California Bones by Greg van Eekhout

This was fun. It wasn’t deep, but it was fun. California Bones is set in an alternative present in which magic of various kinds works, and California is split into two independent polities — inexplicably not nicknamed Lo Cal and No Cal, although it is implied that southern California is colloquially known as the magic kingdom. The magic most prominent in the book is osteomancy, an arcane discipline in which the essence of magical or semi-magical creatures that were or are real in this world — gryphons, sphinx, kraken, cerebrus wolves, mammoth, saber-tooth tigers, and many more — can be appropriated by magicians who consume their remains. In most cases, they cook down the bones, but flesh will do the trick, too, if available. More darkly, the same principle holds true for other magicians, and the more powerful they are, the more puissance passes on to whomever eats them up.

The story follows Daniel Blackland, the son of a powerful magician who rose high in the service of southern California’s absolute ruler, the Hierarch, and then fell out of grace and was consumed in one of the Hierarch’s periodic purges. Daniel managed to escape, and grew up under the protection of a boss in local organized crime. About halfway through California Bones, Daniel learns that he only survived at all because the Hierarch thought he had been killed by border guards when his mother crossed into her native northern California. The crime lord is named Otis, which may be a reference to Otis Chandler; van Eekhout populates his southern California with a few other notable names from our history.

Under Otis’ tutelage and using the osteomantic abilities his father taught him, Daniel grows into a skilled thief and assembles a loyal crew that is capable of complex heists. When the main story starts, Daniel has left Otis’ employ and barely scraping by, lifting small bits of magical ingredients from the marketplace and staying half a step ahead of anyone who might betray his family history.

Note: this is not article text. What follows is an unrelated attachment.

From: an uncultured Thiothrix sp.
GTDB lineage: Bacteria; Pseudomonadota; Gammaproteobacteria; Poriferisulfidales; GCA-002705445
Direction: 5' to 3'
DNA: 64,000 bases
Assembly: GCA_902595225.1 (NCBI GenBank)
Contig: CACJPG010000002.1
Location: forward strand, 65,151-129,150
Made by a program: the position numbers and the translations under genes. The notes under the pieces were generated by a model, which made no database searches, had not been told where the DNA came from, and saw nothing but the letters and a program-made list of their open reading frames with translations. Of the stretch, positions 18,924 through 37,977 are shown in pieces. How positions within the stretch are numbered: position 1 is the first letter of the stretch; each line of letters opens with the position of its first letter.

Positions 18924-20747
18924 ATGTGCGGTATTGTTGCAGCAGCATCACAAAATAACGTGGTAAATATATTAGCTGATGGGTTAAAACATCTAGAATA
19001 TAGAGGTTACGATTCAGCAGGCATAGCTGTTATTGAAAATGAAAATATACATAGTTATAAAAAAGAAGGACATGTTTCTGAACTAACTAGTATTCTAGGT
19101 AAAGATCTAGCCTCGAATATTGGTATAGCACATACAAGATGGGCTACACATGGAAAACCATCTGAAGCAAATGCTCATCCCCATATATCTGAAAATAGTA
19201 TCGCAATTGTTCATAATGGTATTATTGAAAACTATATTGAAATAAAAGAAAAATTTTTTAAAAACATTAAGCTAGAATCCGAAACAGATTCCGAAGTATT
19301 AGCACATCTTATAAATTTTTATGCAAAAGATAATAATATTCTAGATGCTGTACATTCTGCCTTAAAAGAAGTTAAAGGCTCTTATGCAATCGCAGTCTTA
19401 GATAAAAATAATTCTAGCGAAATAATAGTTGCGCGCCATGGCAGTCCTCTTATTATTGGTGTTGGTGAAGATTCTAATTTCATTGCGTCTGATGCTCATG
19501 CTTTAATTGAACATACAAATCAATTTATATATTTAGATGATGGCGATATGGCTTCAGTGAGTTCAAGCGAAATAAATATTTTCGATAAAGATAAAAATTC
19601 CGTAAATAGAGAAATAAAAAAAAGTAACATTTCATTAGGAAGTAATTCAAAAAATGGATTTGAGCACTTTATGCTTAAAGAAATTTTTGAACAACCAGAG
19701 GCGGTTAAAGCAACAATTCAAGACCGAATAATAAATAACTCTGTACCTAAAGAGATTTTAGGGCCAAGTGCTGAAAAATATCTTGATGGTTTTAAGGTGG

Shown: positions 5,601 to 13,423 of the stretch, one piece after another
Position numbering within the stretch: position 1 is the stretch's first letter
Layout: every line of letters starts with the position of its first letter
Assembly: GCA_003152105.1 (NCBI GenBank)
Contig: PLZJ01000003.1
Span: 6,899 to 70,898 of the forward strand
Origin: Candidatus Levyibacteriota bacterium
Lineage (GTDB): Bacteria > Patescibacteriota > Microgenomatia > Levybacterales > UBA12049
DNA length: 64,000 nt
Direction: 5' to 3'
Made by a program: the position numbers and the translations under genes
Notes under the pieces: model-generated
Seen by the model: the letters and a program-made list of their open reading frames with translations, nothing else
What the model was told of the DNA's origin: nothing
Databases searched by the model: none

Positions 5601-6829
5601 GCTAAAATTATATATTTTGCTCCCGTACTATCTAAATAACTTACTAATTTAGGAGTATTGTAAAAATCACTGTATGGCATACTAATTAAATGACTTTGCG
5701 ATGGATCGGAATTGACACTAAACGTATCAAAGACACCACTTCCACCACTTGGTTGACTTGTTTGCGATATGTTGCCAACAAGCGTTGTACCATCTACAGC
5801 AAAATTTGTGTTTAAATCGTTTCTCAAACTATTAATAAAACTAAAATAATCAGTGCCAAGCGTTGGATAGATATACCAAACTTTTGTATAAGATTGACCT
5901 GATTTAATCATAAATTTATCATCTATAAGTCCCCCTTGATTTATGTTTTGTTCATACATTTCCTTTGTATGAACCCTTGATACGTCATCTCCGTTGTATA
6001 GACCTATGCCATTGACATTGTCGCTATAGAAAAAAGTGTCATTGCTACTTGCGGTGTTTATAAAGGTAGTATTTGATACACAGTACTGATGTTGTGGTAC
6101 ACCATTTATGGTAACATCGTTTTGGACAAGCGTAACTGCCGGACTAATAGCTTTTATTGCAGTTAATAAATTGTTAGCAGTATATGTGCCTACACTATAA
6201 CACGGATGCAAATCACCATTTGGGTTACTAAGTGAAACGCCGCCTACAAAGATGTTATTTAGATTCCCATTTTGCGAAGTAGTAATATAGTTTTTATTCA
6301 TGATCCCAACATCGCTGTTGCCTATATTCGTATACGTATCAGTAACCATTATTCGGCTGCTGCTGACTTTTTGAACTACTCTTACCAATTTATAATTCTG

Then one day Otis’ thugs pick Daniel up and bring him in as the boss convinces him to take on a big job: a theft from the Hierarch’s own hidden reserve of magical items. Otis wants some basilisk parts that will fetch a fortune. Daniel, Otis says, should take the sword that his father was working on when the Hierarch captured him. Not only is it a potent weapon, more potent in Daniel’s hands, but there is enough of his essence in it that if the Hierarch chose to examine it, he could discover that Daniel is not as dead as he thinks. It’s a lure and a warning.

The rest is a good, solid heist story. Daniel re-gathers the surviving members of his old team, despite some misgivings because of how their last job ended. Van Eekhout also shows how the Hierarch’s world looks from the inside, with several chapters following someone within the security services who has figured out that Daniel is still alive. It’s akin to someone in Stalin’s Soviet Union finding out that there really is a Trotskyist plot to overthrow the ruler: dangerous to know, more dangerous to tell anyone who might do something about it, possibly more dangerous still not to tell anyone.

The setting is a vividly changed Los Angeles. A different path of development means that canals have replaced freeways in the city’s building, so that it’s much like large-scale Venice on the Pacific. The La Brea Tar Pits were one of the great sources of magical bones that powered southern California’s independence and economy. Griffith Observatory is the setting for a glamorous party, and Disney plays an important role too.

The pace is brisk, and van Eekhout puts in enough obstacles and reversals to keep the excitement high and the page turning compulsive. I tore through California Bones in about a day and a half.

There are two more books in the set, Pacific Fire and Dragon Coast, and I look forward to finding out what else is happening in this darkly sorcerous California.

Permanent link to this article:

Leave a Reply

Your email address will not be published.

This site uses Akismet to reduce spam. Learn how your comment data is processed.